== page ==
Children are naturally very inquisitive at early ages. Therefore, when a question arises about race it is a perfect teachable moment for you and your child. These moments are important because they shape the way your child interacts and perceives others. Many caregivers of children may believe they have to or can wait for the right time for these discussions, but if you wait too long it may be hard to change your child’s perceptions of others. Keep these statistics in mind.
According to Healthychildren.org
As early as 6 months, a baby's brain can notice race-based differences.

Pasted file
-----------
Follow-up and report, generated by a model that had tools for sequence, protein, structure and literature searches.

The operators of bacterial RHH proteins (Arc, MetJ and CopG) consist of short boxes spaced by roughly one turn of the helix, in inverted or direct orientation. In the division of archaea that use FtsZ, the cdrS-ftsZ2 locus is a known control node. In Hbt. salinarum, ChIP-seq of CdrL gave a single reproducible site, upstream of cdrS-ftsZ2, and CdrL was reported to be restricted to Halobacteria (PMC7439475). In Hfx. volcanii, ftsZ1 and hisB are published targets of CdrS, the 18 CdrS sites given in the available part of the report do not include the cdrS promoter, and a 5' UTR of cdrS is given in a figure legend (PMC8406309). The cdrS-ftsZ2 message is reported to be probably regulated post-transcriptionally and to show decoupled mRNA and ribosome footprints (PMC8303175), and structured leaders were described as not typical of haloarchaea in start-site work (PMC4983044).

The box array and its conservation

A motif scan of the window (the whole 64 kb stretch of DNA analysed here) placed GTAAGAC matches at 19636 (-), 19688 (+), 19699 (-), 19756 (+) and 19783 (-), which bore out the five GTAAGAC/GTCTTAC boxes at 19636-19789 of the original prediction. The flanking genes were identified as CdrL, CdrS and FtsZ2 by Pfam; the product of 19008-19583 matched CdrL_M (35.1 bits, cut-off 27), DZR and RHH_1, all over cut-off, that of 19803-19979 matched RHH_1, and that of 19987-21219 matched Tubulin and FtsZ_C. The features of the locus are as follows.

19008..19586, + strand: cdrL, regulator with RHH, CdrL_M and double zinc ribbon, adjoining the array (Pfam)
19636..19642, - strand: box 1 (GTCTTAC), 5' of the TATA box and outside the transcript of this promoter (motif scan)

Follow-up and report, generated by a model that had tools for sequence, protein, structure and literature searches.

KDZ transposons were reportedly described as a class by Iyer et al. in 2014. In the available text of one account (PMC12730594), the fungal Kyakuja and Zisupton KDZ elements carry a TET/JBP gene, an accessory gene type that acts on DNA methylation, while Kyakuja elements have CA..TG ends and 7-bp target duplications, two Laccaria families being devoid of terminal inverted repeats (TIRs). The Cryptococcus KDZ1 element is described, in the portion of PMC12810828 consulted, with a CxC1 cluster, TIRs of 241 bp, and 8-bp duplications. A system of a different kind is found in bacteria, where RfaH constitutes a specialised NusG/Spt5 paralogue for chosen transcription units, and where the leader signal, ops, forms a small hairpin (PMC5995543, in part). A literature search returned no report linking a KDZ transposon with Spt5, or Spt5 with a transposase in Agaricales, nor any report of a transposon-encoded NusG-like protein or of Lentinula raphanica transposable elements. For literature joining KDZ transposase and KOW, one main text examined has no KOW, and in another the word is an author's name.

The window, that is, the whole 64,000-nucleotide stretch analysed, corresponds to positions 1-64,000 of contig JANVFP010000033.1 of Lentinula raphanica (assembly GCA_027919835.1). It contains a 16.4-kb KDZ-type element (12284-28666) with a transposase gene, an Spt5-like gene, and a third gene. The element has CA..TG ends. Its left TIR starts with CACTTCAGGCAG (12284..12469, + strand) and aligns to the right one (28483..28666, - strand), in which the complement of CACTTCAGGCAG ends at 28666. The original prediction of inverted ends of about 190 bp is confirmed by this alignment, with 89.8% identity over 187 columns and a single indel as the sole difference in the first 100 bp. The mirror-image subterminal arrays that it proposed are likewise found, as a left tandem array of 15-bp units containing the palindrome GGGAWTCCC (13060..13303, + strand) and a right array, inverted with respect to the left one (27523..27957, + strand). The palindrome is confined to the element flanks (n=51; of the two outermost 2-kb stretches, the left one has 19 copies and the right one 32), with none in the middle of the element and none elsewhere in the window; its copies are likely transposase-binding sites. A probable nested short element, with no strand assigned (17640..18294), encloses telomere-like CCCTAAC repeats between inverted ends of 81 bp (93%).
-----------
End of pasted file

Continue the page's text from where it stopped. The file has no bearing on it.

By ages 2 to 4, children can internalize racial bias.
By age 12, many children become set in their beliefs—giving parents a decade to mold the learning process, so that it decreases racial bias and improves cultural understanding.
So, what can be done? Here are some ways you can help foster diversity, equity, inclusion, and belonging in your child.
Be a mirror: Show your child that you interact with people who many not look, speak, or dress like you do.
Read with diversity: Read books by people and with characters who are different races and ethnicities.
Don’t hide: When an issue arises, or you sense your child may have a bias address it right away.
Below are some additional resources you can use to help discuss with your child.